A nurse brought a picture of the New Employee at 2am the next day: Via Twitter: Pinchable cheeks, button nose - yep; that's a daughter of mine. 2:06 AM Nov 19th, 2009 via txt It probably took me 30min to key in.
I would meet the sweet little girl the next day. Our first picture together is way fuzzy. Which is pretty much how I felt. I'm sure she agrees. Phoebe took to the training program fast. She slept and she ate in 4 hour increments. Which is about as much as I could handle.
The lactation consultant visited me and set me up to help get the ol' baby feeders started. She said considering everything, I should just do what I could. I got the feeling that nursing wasn't going to go all that well (Let's just say that I provided an pre-bottle appetizer for 4 weeks). Everyone from the Baby side was eager to get me over there - but everyone on the Mom side weren't ready to let me out of their sight. They needed to make sure I didn't take a sudden turn in my recovery. That happens, and it can get really bad.
By Friday, things were really starting to even out. Everyone started their greetings with "You look sooooo good", I could hold onto a thought for more then 5minutes and they had removed 3 or my 5 lines. And with that - they transferred me to the Baby ward where Phoebe and I got to hang out, eat, and rest, rest, rest. We even got a chance to watch the "Pirates of the Caribbean" trilogy!
It wasn't until nearly two months after Phoebe's birth that I'd get back to the one moment I don't remember. Even before Fiona was born, I'd heard of Placenta Previa. But nothing like what I had and certainly not the possibility I had been facing.
At Christmas a close family friend and I talked about her almost exact experience. It being 30 years ago, she did not have the benefit of having known prior to her second sons birth about how exciting it was going to get. And it did get exciting for several days. She reassured me that life was going to be as good as it ever was.
But it seemed odd to me that had I ever seen the condition profiled on any of the dozen or so medical shows that run 24/7 on the Discovery channels. At the end of my Maternity leave one of the traumatic birthing shows featured a mother of 5 who had a similar condition. Watching this, I was perfectly serene - till the moment they showed her in the O.R..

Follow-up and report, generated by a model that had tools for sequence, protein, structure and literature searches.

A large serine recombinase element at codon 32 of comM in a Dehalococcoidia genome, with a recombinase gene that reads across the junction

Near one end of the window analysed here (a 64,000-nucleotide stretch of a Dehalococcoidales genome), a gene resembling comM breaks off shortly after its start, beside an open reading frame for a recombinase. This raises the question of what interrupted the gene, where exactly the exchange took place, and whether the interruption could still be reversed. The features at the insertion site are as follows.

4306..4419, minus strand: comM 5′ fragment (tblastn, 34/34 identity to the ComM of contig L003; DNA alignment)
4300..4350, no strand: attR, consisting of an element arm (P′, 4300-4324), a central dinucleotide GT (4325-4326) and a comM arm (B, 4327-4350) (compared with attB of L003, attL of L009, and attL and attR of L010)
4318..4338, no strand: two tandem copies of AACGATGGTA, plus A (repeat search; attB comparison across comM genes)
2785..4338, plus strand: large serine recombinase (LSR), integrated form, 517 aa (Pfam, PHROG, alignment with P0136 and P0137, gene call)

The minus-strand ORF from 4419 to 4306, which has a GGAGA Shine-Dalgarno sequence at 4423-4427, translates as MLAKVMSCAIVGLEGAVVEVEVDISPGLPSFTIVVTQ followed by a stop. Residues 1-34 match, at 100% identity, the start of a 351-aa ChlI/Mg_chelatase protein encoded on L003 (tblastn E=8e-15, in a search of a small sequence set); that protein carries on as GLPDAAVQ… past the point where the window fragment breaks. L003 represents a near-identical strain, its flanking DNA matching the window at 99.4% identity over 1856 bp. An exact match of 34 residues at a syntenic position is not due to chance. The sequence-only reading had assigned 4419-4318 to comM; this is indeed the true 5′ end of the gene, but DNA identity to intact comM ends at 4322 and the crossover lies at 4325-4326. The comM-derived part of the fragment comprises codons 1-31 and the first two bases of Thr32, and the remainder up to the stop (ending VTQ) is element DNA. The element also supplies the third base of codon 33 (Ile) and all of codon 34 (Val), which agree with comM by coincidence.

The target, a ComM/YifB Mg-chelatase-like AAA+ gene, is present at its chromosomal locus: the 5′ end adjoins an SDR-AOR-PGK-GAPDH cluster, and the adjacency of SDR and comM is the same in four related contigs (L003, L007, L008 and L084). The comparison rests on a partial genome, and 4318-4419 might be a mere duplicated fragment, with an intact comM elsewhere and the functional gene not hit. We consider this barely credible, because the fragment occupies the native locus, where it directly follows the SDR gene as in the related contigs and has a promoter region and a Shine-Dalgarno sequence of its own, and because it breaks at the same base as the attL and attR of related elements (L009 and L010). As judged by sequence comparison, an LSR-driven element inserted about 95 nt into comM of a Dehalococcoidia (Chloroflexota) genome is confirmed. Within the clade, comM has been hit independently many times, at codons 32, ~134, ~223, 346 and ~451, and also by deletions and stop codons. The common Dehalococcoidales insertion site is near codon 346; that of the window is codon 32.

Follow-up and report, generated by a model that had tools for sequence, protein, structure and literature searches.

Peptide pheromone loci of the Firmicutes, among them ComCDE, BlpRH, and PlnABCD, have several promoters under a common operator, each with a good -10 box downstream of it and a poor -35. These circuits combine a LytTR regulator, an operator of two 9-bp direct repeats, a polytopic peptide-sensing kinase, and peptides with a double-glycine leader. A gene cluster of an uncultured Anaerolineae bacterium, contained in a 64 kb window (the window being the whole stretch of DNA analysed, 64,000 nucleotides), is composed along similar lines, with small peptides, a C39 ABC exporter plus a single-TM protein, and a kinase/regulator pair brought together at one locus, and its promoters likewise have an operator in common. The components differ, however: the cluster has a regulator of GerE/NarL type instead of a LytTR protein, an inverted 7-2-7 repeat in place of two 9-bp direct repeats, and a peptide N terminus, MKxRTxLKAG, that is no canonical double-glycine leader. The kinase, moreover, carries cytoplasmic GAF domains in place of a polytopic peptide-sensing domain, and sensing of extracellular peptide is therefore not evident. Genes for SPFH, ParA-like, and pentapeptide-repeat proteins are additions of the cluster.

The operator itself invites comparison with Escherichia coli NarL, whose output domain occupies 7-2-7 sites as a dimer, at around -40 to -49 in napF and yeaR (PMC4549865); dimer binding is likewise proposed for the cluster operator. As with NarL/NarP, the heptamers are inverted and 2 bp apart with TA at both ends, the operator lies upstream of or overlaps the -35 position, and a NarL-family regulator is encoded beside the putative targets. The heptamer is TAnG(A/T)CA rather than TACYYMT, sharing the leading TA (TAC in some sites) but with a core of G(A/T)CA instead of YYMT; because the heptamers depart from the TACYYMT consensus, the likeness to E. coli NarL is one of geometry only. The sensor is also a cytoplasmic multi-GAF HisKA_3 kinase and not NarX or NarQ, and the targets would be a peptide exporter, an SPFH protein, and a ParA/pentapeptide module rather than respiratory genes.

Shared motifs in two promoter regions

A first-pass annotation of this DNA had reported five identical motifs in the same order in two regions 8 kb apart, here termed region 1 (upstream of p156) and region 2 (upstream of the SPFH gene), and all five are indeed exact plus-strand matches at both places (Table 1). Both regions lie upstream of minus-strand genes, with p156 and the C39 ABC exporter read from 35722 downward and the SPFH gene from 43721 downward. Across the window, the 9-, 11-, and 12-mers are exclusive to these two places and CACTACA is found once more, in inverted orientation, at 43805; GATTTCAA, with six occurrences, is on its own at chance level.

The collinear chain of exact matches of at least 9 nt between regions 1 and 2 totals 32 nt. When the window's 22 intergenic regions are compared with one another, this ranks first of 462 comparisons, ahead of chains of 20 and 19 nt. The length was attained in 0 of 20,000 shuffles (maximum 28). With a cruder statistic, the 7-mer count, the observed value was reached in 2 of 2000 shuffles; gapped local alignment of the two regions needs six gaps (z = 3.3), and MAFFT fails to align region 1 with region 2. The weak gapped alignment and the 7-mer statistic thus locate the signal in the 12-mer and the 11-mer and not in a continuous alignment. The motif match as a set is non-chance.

Then the whole pregnancy came into focus. By seeing her under general anesthesia, I saw myself. And yourself does NOT like to see you so vulnerable. In the 7 months that I was aware of the condition I was never blissfully ignorant of the severity of the situation but I certainly wasn't preoccupied by it either. Seeing this women in surgery made me REALIZE the danger. And just what I could have lost, and what I did.
I would later find out that it wasn't just one acreta but two. There really was no chance of me keeping that organ. Which is fine; I'm here, Phoebe's here. We're all fine here - now, thank you. How are you?
Thursday, February 25, 2010
Posted by Nicole at 11:02 AM
The shop served pizza, salads, grinders, and so on. There was a moderate amount of food prep to be done and most of it had to do with cutting, slicing, and chopping the veggies.
I being what I would call a NORMAL person would use the appropiate tool for each specific task. Something I picked up HELPING MY MOM in the kitchen and by watching the Frugal Gourmet.
Most of the teens I hired were -uhm- ridiculously uninformed about food prep upon entering the work force. So I developed the Veggie Peeler Test.
During the training period I would make sure a variety of tools were within arms reach and clearly visible before setting the trainee to task. I'd SHOW THEM EXACTLY what needed to be done and how to do it. Using the specific tool for slicing tomatoes, chopping onions, cutting cucumbers, or whatever else was on the list.
On their next shift, I'd set the tools out again and then instruct them to cut cucumbers.
It never failed that they'd pick up a cucumber, completely ignore the peeler as their finger tips brushed over it to grab the largest chopping knife and proceed in committing veggie hari-kari.
The cucumber would go from cylinder looking to completely squared off. The slices would be box like and about a third of the size they could have been.
After thanking God they hadn't taken off a finger in the process, I'd pick up the peeler.
Nicole: What is this tool?
Teen: I don't know?
Nicole: You've never used this before?
Nicole: How did your Mom make a salad?
Teen: uuuhhhhhh (blank).......
I seriously wanted to call their mothers. One, to clarify that the teens weren't just saying they didn't when they really did. And two - to question what the hell they were doing as mothers if their child hadn't used a freaking veggie peeler ever before in their lives. (This was before I was a Mother so hense my own ridiculous assumptions.)
For the record I tried on several occasions to start with "This is a veggie peeler, we use it to do A,B, and C." It NEVER stuck. The next time I told them to do something that required they use it - they'd just pick up the biggest knife they could find and destroy a poor defenseless piece of produce.